GLOBAL TERRORISM: by John MillerNews Weekly
The great lie of 'home-grown' terrorism
, February 7, 2009
In two recent British trials, the media have depicted the terrorist suspects as either home-grown or "British" terrorists, writes John Miller.December 2008 saw the conclusion of two important terrorist trials that took place in the United Kingdom. The first concerned two Muslim doctors, who were charged in connection with the failed terrorist car-bomb attacks outside a London nightclub and at Glasgow International Airport in late June 2007. The second involved an al-Qaeda mastermind charged with planning other terrorist attacks in Britain.
The first trial saw Bilal Abdullah, a 29-year-old British-born Iraqi national, jailed for 32 years for his role in trying to kill and maim thousands of people in a series of terrorist bomb attacks.
His accomplice, Indian PhD engineering student Kafeel Ahmed (also known as Khalid Ahmed), was horrifically burned in the Glasgow attack and died a few weeks later.
The attack on Glasgow airport was the first terrorist incident on Scottish soil since the 1988 Lockerbie bombing, and occurred only three days after the swearing-in of the Glasgow-born MP Gordon Brown as British Prime Minister.
British authorities asserted during Abdullah's trial that the London attacks were to be the first strikes in a wave of terrorist atrocities. However, the presiding judge at the trial, Mr Justice Mackay, was highly critical of the way British authorities conducted the case.
In sentencing Abdullah to life imprisonment, the judge said: "Many people felt and still feel strong opposition to the invasion of Iraq. You do, you are sincere in that, and you have strong reasons for holding that view. But you were born with intelligence and you were born into a privileged and well-to-do position in Iraq and you are a trained doctor.
"All of the evidence makes you a very dangerous man; you pose a high risk of serious harm to the British public in your present state of mind."
The second noteworthy British terrorist trial involved the prosecution of Rangzieb Ahmed, the highest-ranking member of al Qaeda to face court in the UK and the first to be found guilty of directing terrorist operations.
Ahmed was described as having links to every major British terrorist cell, including suicide-bombers who targeted the London Underground and transport system on July 7 and 21, 2005.
He was arrested in Pakistan after his codebooks were found in an operation which involved Britain's state security service MI5, and its overseas spy agency MI6 and British counter-terrorist police in Manchester.
Ahmed was born in Rochdale, just outside greater Manchester, but moved with his family to Pakistani Kashmir before his eighth birthday. Undoubtedly, this is where he became radicalised because he was arrested at the age of 18 by Indian authorities, allegedly after action with Harkat-ul-Mujahideen, a Pakistani Islamic militant organisation which was originally set up to fight the Soviets in Afghanistan.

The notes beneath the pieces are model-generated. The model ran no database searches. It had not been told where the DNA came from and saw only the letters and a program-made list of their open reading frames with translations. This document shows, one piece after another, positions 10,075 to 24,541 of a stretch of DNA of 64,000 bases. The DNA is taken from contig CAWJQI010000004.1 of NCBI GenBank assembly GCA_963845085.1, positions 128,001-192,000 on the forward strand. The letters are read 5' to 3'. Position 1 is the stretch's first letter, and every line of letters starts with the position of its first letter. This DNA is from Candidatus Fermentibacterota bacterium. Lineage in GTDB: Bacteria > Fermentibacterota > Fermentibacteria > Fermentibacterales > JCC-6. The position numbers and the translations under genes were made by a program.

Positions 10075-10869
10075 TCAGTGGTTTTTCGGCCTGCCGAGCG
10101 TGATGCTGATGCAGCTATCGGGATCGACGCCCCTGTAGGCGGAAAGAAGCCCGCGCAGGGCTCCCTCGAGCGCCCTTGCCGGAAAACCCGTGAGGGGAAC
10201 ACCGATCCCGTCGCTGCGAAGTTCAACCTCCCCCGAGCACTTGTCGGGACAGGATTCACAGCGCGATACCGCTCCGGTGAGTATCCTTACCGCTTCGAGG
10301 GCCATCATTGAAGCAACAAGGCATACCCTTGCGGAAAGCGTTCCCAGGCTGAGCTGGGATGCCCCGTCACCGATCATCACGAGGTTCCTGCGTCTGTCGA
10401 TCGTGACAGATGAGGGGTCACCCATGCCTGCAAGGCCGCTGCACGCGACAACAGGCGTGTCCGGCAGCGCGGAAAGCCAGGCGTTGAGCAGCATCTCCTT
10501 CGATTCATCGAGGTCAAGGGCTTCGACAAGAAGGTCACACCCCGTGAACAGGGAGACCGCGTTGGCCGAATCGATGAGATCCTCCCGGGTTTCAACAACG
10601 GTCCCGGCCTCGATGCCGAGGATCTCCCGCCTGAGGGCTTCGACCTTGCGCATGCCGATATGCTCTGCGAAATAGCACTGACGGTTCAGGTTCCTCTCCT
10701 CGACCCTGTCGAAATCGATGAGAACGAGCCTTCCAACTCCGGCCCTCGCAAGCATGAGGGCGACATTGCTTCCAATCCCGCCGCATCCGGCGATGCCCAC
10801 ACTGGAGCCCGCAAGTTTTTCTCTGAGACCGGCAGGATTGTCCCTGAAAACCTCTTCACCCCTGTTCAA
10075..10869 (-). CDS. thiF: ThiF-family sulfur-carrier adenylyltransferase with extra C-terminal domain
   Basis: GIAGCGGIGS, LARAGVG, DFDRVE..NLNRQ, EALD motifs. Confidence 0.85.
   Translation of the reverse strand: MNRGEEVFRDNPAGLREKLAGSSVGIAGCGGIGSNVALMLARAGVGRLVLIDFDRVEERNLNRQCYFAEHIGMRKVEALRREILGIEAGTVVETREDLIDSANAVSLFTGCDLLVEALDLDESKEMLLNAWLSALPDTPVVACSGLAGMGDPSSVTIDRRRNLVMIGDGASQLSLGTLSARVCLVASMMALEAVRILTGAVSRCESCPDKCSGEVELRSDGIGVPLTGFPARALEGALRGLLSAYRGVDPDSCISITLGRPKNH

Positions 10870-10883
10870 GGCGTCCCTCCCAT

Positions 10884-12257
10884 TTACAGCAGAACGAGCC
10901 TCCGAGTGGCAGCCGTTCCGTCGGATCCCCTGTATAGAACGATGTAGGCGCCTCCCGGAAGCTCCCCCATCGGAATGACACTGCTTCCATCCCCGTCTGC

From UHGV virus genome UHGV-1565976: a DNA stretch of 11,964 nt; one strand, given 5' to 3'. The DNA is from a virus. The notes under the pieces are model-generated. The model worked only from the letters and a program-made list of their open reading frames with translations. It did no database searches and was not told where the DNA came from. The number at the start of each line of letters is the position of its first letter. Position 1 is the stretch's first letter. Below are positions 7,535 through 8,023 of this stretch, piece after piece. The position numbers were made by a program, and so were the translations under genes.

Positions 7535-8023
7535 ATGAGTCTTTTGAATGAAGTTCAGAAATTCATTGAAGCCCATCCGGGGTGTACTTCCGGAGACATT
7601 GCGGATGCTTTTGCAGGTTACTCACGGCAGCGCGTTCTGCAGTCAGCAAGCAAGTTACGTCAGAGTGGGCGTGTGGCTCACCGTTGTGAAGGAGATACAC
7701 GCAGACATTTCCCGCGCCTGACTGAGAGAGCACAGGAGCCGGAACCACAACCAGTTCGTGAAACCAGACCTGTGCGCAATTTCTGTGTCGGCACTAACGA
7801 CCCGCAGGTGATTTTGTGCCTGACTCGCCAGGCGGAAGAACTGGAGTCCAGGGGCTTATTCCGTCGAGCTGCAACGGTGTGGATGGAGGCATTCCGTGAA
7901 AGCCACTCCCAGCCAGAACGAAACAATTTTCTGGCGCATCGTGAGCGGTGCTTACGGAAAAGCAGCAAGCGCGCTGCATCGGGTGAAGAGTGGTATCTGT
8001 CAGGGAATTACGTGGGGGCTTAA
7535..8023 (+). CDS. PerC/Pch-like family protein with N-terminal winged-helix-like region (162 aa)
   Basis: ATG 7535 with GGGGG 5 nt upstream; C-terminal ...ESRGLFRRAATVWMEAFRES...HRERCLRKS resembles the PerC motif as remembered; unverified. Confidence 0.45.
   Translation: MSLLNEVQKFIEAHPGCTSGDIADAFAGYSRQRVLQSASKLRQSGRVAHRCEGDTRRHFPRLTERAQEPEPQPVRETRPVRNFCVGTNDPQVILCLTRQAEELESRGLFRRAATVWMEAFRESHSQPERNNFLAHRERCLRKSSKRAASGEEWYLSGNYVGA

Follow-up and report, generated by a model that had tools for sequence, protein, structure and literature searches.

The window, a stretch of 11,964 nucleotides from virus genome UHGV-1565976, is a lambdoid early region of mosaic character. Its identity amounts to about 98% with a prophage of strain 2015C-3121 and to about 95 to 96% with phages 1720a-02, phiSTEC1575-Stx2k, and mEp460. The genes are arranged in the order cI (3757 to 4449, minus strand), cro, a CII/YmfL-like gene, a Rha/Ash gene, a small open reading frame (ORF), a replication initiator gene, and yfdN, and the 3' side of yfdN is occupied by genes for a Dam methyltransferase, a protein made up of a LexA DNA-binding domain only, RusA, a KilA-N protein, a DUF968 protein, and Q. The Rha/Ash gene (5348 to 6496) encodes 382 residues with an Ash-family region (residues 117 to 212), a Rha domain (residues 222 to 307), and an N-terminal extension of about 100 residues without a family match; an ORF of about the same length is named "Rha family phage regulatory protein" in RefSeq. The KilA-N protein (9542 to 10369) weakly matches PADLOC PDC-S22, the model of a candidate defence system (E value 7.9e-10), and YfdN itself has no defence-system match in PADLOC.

In that year, he travelled via China to Dubai, as part of an al Qaeda active service cell and, according to evidence later presented at his trial, he was en route to South Africa on a terrorist mission, which was abandoned after a senior al Qaeda leader was killed in a US missile attack.
Returning from Dubai, he was put under surveillance. On his return to the UK, police and security authorities gradually built up a picture of him as a high-level al Qaeda operative who had boasted of contacts with Khalid Shaikh Mohammed (the alleged perpetrator of the 9/11 attacks) and other senior figures. His links led to him being described as a "trusted and experienced operative".
When he was arrested by British authorities entering the UK in September 2007, it was discovered that he had a dossier of al Qaeda contacts. He was formally charged with "directing the activities of an organisation which was concerned in the commission of acts of terrorism; possessing three books containing information which would be useful to a person committing or preparing an act of terrorism and possession of a rucksack containing traces of explosives in circumstances which suggested it was for a purpose connected with terrorism". (BBC News
, September 19, 2007).
He had been in telephone contact with one of the persons connected with one of the failed suicide-bombers who targeted the London Underground and transport system on July 21, 2005 and, furthermore, had set up a terrorist cell in Manchester which was broken up by police.Creeping political correctness
In both British trials, the media depicted the terrorist suspects as either home-grown or "British" terrorists. This is arrant nonsense but a striking example of creeping political correctness which appears to pervade the UK and, increasingly, Australia.
The phenomenon faced by Australia, the UK, the US, Western Europe elsewhere is that of terrorists who, wherever they were born, have no loyalty to the host society in which they happen to be living.
This is transnational terrorism, and no amount of whitewash applied by the politically correct can disguise that fact.— John Miller is a former senior intelligence officer.